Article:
FOR IMMEDIATE RELEASE
August 13, 2012
HNBA Contact: Antonio 'Tony' Arocho (202) 223-4777
NAPABA Contact: Emily Chatterjee (202) 775-9555
NBA Contact: Steven Jumper (202) 842-3900
NNABA Contact: Jeremy Aliason (405) 761-1723
Coalition of Bar Associations of Color United in Support
of the Use of Diversity in Admission Programs in Higher Education
Files Joint Brief at U.S. Supreme Court in Fisher v. University of Texas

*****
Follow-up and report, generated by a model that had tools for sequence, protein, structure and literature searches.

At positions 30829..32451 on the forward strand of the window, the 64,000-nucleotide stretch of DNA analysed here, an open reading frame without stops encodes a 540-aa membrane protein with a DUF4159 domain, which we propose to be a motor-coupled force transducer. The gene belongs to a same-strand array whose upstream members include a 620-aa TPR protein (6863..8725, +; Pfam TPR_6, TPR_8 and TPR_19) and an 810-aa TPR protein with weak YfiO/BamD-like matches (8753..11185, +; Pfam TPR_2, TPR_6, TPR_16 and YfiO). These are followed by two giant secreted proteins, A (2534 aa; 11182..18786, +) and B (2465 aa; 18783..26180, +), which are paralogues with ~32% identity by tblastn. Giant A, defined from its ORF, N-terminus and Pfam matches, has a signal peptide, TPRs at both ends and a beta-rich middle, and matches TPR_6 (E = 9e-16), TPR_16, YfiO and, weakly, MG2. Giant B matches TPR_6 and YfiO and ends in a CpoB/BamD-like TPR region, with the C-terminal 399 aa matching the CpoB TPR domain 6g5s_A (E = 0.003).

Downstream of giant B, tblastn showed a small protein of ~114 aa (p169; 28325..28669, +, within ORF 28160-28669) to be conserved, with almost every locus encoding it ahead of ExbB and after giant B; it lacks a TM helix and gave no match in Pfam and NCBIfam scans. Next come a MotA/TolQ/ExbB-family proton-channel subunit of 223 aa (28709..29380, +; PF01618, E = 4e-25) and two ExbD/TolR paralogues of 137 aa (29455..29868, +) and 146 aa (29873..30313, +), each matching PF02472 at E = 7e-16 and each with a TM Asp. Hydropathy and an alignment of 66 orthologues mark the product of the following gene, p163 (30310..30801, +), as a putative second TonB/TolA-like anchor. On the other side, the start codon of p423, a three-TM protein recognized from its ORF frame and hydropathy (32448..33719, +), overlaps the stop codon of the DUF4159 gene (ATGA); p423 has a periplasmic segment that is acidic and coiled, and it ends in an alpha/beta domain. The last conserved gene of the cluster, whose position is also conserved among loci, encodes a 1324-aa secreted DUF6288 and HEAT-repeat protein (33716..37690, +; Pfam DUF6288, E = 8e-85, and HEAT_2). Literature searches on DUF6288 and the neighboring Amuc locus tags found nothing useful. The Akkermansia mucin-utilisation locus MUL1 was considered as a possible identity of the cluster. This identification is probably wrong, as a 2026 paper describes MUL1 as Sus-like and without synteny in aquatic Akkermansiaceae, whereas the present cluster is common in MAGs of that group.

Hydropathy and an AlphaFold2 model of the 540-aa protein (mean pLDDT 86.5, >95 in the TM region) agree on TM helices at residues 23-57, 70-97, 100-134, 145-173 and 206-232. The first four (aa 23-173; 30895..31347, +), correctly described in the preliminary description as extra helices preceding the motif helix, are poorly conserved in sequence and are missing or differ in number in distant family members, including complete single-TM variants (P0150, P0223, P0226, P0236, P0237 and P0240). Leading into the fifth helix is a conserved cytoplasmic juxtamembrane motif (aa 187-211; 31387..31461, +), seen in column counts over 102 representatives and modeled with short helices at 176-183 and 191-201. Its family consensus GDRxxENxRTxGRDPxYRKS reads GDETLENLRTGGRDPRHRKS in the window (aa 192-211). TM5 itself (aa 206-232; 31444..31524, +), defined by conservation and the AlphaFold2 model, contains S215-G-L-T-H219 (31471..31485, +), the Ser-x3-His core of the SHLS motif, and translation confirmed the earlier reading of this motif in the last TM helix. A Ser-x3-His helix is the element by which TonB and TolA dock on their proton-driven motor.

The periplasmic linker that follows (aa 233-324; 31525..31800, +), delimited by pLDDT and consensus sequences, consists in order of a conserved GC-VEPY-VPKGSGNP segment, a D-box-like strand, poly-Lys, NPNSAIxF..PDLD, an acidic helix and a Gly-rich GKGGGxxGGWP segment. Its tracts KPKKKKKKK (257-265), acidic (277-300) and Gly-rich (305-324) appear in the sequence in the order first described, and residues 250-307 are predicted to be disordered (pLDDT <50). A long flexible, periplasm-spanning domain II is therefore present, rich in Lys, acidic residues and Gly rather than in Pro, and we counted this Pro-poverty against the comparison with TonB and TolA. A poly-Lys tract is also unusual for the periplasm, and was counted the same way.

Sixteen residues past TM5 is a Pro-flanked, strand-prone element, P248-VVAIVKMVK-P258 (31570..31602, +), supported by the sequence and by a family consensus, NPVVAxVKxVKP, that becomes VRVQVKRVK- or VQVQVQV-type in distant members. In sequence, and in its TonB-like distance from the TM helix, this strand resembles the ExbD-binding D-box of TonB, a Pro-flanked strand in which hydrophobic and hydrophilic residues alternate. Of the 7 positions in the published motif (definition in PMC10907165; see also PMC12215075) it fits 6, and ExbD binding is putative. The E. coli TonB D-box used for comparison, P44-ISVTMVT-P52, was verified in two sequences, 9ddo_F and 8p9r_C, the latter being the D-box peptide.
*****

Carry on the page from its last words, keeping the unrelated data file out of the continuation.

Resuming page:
WASHINGTON - The Coalition of Bar Associations of Color (CBAC)-the Hispanic National Bar Association (HNBA), the National Asian Pacific American Bar Association (NAPABA), the National Bar Association (NBA) and the National Native American Bar Association (NNABA) - today filed a joint amicus curiae brief with the U.S. Supreme Court in Fisher v. University of Texas at Austin. The Court will review the constitutionality of the race conscious admissions program used to admit the freshman class at the University of Texas at Austin. With oral arguments scheduled for October 10th, the four organizations recognized the significance of all four communities of color standing together in support of race-conscious admission policies in order to promote diversity in the legal profession. The brief discusses the unique perspectives of the communities each bar association represents, and highlights the importance of ensuring access to institutions of higher education, in order to preserve a diverse pipeline for our multicultural society and ultimately advance CBAC's shared commitment to diversity in the legal profession. The brief can be found here.